Menopause and the Skin – Part 1
With Oestrogen involved in over 400 functions within the body, no wonder when we reach the menopause and the oestrogen levels decline, do we see so many different symptoms, feelings and changes to our bodies and wellbeing.
When we think about the menopause, we think of the classic symptoms of hot flushes, night sweats and mood swings, but we don’t always realise the significant impact it can have on our skin.
I find when ladies come to see me when they are at the stage of life where their oestrogen levels are starting to decline, they refer to it feeling like their skin has changed overnight. This natural decline in levels of oestrogen can cause our skin to loose up to 30% of collagen in the first 5 years of the menopause. This can have a big impact on the way our skin feels and looks.
How does oestrogen affect our body?
Oestrogen is a collective name for a group of 3 steroid hormones produced by the ovaries; estradiol, estriol, and estrone. They are responsible for the development of our reproductive organs, creating a suitable environment for egg fertilisation and nutrition for the early embryo. Oestrogen of course also controls our menstrual cycle. However, apart from the reproductive side of things, it influences the function of nearly all our major organs.
Oestrogen and the skin
The skin is the largest organ of the body influenced by oestrogen. It produces its effects through oestrogen receptors. These receptors are located within our skin cells and on the outer cell membrane. When oestrogen binds to these receptors a chemical cascade of signals triggers that cell’s function, for example, a fibroblast cell will produce collagen.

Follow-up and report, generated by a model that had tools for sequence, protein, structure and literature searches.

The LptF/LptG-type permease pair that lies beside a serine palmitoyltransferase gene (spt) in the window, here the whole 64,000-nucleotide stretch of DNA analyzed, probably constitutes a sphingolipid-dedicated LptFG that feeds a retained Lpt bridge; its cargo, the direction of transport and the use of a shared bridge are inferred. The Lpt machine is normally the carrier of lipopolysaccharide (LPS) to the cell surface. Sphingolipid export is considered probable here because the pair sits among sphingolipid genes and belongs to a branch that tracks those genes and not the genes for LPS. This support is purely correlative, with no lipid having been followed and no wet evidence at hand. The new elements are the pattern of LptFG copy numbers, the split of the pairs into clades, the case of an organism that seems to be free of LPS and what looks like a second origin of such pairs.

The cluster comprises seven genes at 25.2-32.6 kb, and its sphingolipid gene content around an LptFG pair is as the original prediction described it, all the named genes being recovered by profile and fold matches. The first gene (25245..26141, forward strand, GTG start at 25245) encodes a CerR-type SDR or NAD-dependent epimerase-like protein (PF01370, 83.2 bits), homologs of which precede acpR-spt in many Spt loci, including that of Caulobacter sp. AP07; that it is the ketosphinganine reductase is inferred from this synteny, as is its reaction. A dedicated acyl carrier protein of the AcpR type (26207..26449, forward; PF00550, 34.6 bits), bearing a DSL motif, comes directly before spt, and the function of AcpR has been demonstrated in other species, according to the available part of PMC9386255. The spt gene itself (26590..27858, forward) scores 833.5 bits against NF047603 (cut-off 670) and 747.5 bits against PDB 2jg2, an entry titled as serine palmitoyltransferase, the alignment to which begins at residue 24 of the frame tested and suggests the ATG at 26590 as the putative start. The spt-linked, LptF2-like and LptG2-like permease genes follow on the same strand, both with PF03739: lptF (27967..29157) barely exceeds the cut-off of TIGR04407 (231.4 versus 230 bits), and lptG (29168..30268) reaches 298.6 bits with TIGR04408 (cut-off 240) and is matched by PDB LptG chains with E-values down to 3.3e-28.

These oestrogen receptors are found in numerous types of skin cells, however, they are in higher concentrations over the skin of the face and scalp. The most significant are the fibroblast cells of the dermis, the keratinocyte cells of the epidermis, and the blood vessels.
How oestrogen directly impacts the skin
- Collagen, elastin and fibrillin production = skin firmness, elasticity and structure
- Hyaluronic acid production = skin hydration
- Epidermal thickness = skin hydration and luminosity
- Angiogenesis = blood supply to the dermis
- Wound healing = effective recovery from injury
- Immune response = protection and recovery
- Free radical defence = protection from environmental aggressors
What happens to our skin when oestrogen declines?
When our oestrogen levels decline we get a reduction in the receptor activation. This can begin to make changes on a cellular level below the surface reducing the structure and health of the skin. This causes visible changes such as dryness, increased wrinkles, and loss of volume, epidermal thinning and dullness. The menopause can last for several years, starting with Peri-menopause, menopause and post-menopause, and all this time our receptors are losing more and more activation.
To be continued…
Look out for Part 2 where I discuss how we can help the skin reduce the effects of the menopause.
If you are feeling the effects of the menopause on your skin and would like help then please get in touch here, or alternatively, you can book in a virtual consultation where we can discuss your skin’s needs and put a plan in place to get you the results you want.